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The Mavericks current rotation poses an issue for the rest of the season

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How much longer is this sustainable?

Dallas Mavericks v Philadelphia 76ers Photo by Tim Nwachukwu/Getty Images

The Dallas Mavericks had a rough start to their season. The 1-3 record they posted in December wasn’t the most encouraging start, but it also shouldn’t have warranted a full-blown panic. January would’ve been an opportune time to set that straight, but the team quickly fell victim to a COVID-19 outbreak. The Mavericks finished the first month of the year with a record of 7-9, pushing their overall record on the season down to 8-12.

Dallas was underperforming. In February, it became winning time. A Mavericks team that was patching together lineups the previous month had quickly tightened up its rotation. Wes Iwundu and James Johnson, who were high-end rotation players and even starters at points, saw their minutes vanish. Josh Green — who started five games in January — isn’t even on the active roster anymore, getting his reps with the G-League’s Salt Lake City Stars.

Data from NBA.com/Stats

A lot of these drastic changes are due to the fact that the Mavericks are now, thankfully, healthy. Variance in the data can be expected now that the team is finally back to “normal”. But even when we remove ourselves from the changes, we can see just how different this rotation looks compared to what we’re normally used to.

The Mavericks rotation, which had 11 players averaging at least 17 minutes per game in January, now only has seven. Rick Carlisle has flipped a switch, cutting his rotation to essentially only these players this month. Here are the players you know you’ll see every night, given that they are healthy and active:

Doncic, Finney-Smith, Richardson, Porzingis, Hardaway Jr., Kleber, Brunson

It’s a strong group of players on paper, a few playing especially good basketball as of late. Every single one of those players averaged at least 25 minutes per game over the last month. The only problem with this is that these are the only guys you know you’ll see every night.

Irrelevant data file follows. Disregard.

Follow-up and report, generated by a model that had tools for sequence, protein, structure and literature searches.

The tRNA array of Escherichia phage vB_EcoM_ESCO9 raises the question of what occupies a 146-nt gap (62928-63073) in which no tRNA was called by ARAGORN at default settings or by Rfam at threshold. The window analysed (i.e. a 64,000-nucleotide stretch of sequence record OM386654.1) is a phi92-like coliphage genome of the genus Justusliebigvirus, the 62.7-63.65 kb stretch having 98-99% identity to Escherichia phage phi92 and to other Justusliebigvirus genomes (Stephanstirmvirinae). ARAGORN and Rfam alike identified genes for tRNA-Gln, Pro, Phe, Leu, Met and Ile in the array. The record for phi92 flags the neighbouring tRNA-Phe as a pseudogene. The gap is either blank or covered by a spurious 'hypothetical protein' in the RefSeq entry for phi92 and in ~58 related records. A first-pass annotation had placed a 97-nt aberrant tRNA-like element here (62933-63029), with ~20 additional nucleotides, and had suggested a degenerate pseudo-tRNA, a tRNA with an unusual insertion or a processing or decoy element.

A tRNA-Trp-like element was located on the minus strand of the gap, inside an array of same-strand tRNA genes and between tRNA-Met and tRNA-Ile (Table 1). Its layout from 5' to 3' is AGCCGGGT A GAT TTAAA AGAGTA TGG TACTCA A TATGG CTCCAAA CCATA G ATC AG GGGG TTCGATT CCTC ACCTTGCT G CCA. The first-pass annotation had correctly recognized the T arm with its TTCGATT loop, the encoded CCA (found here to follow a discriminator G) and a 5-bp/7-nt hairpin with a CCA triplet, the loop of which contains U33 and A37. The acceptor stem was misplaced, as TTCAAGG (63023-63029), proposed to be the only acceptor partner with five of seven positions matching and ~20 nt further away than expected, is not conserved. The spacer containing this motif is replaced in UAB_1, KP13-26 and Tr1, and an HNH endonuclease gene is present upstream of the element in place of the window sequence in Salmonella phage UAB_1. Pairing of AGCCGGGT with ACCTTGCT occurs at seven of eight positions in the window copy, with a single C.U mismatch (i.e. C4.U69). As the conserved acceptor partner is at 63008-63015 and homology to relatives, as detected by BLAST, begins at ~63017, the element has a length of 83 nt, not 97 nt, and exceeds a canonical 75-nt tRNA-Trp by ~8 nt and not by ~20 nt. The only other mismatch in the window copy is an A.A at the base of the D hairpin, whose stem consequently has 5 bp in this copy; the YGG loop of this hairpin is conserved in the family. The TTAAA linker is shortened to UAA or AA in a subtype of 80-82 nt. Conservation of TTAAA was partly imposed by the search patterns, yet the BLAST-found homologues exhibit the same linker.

The next group includes filler players. Some nights they’ll play big minutes, some nights you’ll never see them:

Cauley-Stein, Powell, Johnson, Burke

Each one of these players had a really strange month. For Cauley-Stein, he had three games where he played 20 or more minutes and had two DNPs. Powell had five games where he played at least 10 minutes and five where he played less than five minutes (or not at all). Johnson had six straight DNPs, then started against Boston. Burke’s month may have been the most consistent, but he’s only averaging 6.8 minutes per game.

It’s obvious what Carlisle is trying to do: win. Simply stated, the Mavericks are currently running a playoff rotation. It hasn’t worked to perfection, but it’s at least gotten Dallas to a place where they aren’t one of those five worst teams in the West.

Perhaps some off-season acquisitions, re-signings, and draft selections have not met expectations. Their hand has been forced; Dallas feels they have to play these seven guys as much as possible in order to win. But as this season holds more volume than in years past, it’s going to be interesting how the Mavericks handle it.

Dallas will play 10 back-to-backs in the second half of their schedule, the second-most in the league. That’s a lot of volume for any team, but especially one that’s 11-22 on the second-night of B2Bs since 2018-19. The Mavericks will also have to account for the health of Porzingis and his newfound back issue. How healthy will he be? Can the Mavericks really afford to cut the rotation down to six?

Some of these questions may be answered in unsavory ways. For now, all we can do is hope that the Mavericks stay fresh and healthy. The season ahead is lengthy, tough, and requires endurance.